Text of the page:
While crypto mining typically requires several pieces of hardware and wallet solutions, which can be difficult to obtain, the Coinmine One offers a more straightforward way for newcomers to become miners.

The hardware product is minimalist in design, allowing it to sit on a desk or in the home. It automates the creation of cryptocurrency wallets in one place, using only electricity and computing power. It also comes with an app to further simplify the process. ‘Many people want to be a part of the crypto revolution, but crypto hardware, software and wallets are too hard and time consuming to set up, and more importantly, to update,’ reads a statement from the company.

Retailing for $799 (£624, €708), the device falls at the higher end of the market, making it a product suited to those chasing Crypto-affluence.

Coinmine, US
The Home Viewing Exhibition, Sweden

5. This design museum features real Swedish homes

Sweden – The Home Viewing Exhibitions turns real open houses into examples of modern Scandinavian culture.

The latest exhibition by the Swedish Design Museum is not in one place, but scattered around the country within a number of homes for sale. Referencing the Swedes’ penchant for visiting open houses for design inspiration, visitors will be able to step inside the homes of real people as a way to understand the country’s culture.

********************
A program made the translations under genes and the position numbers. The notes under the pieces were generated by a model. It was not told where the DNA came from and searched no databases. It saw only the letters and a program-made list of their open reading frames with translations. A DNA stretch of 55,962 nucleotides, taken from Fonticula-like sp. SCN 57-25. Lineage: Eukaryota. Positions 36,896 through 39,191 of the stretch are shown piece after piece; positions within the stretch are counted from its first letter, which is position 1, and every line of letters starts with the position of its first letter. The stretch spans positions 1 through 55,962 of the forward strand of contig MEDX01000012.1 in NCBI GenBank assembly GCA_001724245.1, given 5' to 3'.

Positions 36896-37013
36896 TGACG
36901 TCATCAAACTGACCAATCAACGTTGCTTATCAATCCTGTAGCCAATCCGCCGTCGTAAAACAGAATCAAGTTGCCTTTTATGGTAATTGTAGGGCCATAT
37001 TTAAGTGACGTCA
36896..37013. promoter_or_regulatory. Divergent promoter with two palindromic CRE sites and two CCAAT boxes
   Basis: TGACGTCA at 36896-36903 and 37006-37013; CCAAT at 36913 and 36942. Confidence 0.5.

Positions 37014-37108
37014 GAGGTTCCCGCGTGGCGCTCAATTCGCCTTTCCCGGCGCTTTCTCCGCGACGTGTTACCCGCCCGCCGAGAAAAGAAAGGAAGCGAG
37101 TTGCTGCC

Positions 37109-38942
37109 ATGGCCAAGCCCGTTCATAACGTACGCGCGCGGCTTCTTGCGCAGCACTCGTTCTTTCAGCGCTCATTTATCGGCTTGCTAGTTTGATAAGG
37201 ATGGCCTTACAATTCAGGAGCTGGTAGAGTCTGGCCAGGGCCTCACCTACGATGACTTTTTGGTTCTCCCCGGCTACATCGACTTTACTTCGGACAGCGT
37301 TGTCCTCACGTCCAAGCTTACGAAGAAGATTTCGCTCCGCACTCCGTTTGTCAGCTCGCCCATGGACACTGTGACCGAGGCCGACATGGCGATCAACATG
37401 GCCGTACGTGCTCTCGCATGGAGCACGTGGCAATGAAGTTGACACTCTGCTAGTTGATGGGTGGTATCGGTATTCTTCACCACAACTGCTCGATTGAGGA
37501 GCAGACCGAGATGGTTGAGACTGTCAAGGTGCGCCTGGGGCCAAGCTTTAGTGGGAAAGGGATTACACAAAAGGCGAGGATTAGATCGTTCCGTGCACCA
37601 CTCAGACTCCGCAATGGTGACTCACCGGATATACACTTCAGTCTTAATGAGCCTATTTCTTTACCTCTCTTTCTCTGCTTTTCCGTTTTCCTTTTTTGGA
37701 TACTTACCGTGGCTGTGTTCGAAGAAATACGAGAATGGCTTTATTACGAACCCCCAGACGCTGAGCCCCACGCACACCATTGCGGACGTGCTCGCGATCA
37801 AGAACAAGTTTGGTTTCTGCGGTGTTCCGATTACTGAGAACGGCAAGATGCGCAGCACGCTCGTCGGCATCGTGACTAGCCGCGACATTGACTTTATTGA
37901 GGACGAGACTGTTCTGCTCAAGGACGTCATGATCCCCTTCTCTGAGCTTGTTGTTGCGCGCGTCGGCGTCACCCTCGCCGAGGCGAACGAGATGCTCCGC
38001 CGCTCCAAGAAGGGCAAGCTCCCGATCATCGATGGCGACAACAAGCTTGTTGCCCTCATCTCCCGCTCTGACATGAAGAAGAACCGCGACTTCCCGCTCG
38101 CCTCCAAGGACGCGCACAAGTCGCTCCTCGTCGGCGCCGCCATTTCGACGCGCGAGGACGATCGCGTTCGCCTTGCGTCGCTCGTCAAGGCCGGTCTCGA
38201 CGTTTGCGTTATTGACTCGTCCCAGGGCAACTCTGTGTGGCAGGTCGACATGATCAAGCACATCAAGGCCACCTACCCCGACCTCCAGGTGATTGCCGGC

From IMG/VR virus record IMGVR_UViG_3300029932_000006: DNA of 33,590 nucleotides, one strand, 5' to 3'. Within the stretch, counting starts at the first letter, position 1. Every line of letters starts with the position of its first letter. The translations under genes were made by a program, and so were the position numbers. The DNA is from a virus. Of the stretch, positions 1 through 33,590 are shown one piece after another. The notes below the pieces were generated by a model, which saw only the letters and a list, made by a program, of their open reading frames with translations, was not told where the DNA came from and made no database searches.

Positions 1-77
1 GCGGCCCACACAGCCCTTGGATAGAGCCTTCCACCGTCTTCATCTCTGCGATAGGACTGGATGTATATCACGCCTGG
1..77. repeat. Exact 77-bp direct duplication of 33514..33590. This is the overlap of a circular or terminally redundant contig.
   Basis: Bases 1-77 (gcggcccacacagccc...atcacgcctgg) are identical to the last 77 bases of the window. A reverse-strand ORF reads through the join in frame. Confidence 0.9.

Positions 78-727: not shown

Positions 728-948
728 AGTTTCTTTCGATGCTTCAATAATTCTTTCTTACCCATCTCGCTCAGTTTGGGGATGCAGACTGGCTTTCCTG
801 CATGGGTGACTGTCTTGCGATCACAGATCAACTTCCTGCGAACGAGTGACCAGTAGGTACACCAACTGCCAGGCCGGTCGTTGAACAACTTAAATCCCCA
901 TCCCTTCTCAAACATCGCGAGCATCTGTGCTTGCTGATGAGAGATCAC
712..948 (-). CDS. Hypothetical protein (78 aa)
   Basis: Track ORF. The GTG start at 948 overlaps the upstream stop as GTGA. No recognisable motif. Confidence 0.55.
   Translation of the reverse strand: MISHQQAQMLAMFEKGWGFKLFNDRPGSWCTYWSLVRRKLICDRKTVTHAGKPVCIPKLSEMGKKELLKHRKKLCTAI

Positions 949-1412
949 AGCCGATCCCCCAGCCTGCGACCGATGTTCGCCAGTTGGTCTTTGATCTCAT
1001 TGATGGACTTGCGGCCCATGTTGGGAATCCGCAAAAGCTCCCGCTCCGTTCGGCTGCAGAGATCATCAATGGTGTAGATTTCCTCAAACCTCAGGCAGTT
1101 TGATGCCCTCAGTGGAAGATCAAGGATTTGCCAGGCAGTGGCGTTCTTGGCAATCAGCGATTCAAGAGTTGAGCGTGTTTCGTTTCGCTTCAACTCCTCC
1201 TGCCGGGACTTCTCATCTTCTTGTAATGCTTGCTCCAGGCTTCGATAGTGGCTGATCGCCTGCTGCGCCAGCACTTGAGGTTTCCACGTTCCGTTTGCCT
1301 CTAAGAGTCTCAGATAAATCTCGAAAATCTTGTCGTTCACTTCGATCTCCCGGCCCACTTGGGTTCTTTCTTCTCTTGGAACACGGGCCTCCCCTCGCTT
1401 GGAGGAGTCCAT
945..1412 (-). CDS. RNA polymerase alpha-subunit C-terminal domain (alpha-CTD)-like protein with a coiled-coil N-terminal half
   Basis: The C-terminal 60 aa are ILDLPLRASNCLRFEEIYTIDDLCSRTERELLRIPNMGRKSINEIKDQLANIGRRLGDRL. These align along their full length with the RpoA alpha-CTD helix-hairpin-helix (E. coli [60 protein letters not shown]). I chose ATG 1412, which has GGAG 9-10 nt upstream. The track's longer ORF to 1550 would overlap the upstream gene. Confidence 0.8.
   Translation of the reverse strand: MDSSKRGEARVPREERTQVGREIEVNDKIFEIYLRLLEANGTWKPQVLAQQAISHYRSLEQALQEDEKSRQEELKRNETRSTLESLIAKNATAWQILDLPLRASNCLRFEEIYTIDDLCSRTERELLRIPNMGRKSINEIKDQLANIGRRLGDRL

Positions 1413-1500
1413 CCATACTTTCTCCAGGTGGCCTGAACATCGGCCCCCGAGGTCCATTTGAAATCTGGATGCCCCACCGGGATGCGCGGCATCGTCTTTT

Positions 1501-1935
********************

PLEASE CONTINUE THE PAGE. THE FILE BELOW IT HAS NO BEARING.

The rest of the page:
Featuring a hand-picked selection of homes, from rural villas to urban apartments, the exhibition – which is part of a tourism push from Visit Sweden – will also be accessible online. ‘Travellers around the world with an interest in design are curious of, and want to experience, Swedish lifestyle and culture. This is exactly what The Home Viewing Exhibitions will offer them,' says Jennie Skogsborn Missuna, CEO at Visit Sweden.

Consumers are increasingly seeking ways to learn about a country’s culture without the need to physically travel. This summer, Japan House opened its latest outpost in London.